EASTERN ONTARIO — Under excellent harvest conditions, farmers made quick work of the 2022 corn crop that ranged from average to extremely bountiful. Growers reported near-record yields in Eastern Ontario, dropping to more average production levels in Central Ontario as a result of less rainfall received there last summer.
Eastern Ontario, east of Brighton, received average rainfall during the 2022 growing season — a fact that undoubtedly contributed to what seems to be an above-average corn yield. It might have seemed even more abundant at harvest, however, because it came off the field so quickly. This led to some temporary bottlenecks and backups at elevators and ports that were already down in capacity somewhat because of a larger than expected winter wheat harvest earlier in the year.
Brinston dairy farmer John Westervelt reported a new yield record at his farm — 219 bu/ac — on one 20-acre field. Overall yield on the farm’s 125-acres of grain corn was otherwise similar to last year’s bin buster, he said. His average yield this year was 162.8 bu/ac. Test weight was also very good.
Westervelt also observed that 2022 was not the year to gamble and delay the planting of full-season corn as the season wasn’t “too forgiving” on the small amount he seeded later in the spring as an “afterthought.” This was a year that “rewarded the traditional approach to growing corn,” Westervelt concluded.
The Great Lakes Grain Assessment Tour forecasts a provincial average this year of 176.9 bu/ac. Last year’s provincial average yield was 175.2 bu/ac.
Osgoode dairy farmer Steven Velthuis said that corn test plots at his farm yielded between 200 and 250 bu/ac. “We’ve got a lot coming off in that 220 to 240 bu/ac range,” added Velthuis, estimating at least half the farm’s 700 corn acres were in the bin by Nov. 10.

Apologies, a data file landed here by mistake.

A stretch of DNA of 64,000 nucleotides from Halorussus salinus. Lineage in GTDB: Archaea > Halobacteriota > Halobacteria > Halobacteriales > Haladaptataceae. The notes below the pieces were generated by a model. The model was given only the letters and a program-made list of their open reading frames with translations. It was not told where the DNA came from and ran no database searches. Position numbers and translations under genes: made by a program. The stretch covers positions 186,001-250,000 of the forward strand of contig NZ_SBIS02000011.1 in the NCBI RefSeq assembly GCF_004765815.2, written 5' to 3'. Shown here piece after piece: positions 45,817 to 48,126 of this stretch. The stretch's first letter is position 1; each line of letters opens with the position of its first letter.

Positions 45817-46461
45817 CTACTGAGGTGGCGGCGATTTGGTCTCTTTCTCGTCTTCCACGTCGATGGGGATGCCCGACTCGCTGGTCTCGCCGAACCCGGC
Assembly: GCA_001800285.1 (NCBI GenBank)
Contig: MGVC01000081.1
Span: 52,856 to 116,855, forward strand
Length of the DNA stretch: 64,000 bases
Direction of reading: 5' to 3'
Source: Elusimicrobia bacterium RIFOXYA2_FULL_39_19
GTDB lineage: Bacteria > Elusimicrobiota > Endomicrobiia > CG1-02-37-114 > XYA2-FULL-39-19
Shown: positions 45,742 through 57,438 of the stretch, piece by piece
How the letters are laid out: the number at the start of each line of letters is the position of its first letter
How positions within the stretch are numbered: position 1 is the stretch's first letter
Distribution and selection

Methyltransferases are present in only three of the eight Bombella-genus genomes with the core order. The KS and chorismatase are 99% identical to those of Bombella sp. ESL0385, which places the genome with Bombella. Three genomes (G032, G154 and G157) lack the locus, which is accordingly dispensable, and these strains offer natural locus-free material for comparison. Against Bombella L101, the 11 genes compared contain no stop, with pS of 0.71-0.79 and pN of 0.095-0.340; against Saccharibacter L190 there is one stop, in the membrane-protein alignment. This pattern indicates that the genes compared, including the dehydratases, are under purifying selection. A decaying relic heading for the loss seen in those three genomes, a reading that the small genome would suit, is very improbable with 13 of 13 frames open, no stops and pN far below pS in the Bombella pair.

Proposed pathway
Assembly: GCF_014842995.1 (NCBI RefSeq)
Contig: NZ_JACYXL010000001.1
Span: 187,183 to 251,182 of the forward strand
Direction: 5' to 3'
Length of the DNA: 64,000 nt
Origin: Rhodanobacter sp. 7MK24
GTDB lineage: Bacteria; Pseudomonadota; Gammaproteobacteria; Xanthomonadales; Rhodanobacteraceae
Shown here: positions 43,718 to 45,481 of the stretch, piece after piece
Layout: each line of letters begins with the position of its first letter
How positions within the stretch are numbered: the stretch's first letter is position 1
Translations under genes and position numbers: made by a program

Corn planted by May 1st was coming off at less than 20% moisture, and Velthuis marvelled at the dry and mild harvest conditions. “I honestly haven’t seen anything like this in my life,” the 57-year-old observed. “The ground is so dry … It’s absolutely fantastic. We can take our big wagons out there and we’re not wrecking the fields.”
With about 75% of his 450-corn acres harvested, Williamstown cash-cropper and customer operator Martin Lang anticipated his “second-best yield ever” at an estimated 200 bu/ac overall. Only 2021 was better. The 2022 yield, of course, varied by location on the farm. “I have had fields average 230 bu/ac, I’ve had fields average just under 200 bu/ac,” Lang said.
“We’ve had beautiful weather this fall, and things are going great,” he said, estimating moisture at less than 17% in his harvested corn. “It’s rained about three times this fall, and each time was only about three millimetres.”
So efficient was this year’s corn-drying process — thanks to warmer ambient temperatures and dryer kernels — “it’s difficult to get the corn through the dryer fast enough,” Lang said.
Glenn Barkey, a dairy and crop farmer in Blackstock, had yet to begin his grain-corn harvest when he spoke with Farmers Forum Nov. 10. But based on his corn silage crop and the appearance of his grain-corn stand, he expected a good crop.
“It’s easy to be patient when the weather’s this good,” Barkey said.
The corn grew well despite very dry conditions in his area last summer, he said. “It handled it a lot better than the beans did. The beans were disappointing, but the wheat was good and the corn looks good, so I guess it’s keeping the universe in balance.”
Quinte West cash-cropper Jeff Harrison said his yields were “maybe average or a little better than average” in his area that “went a good six weeks with no rain.”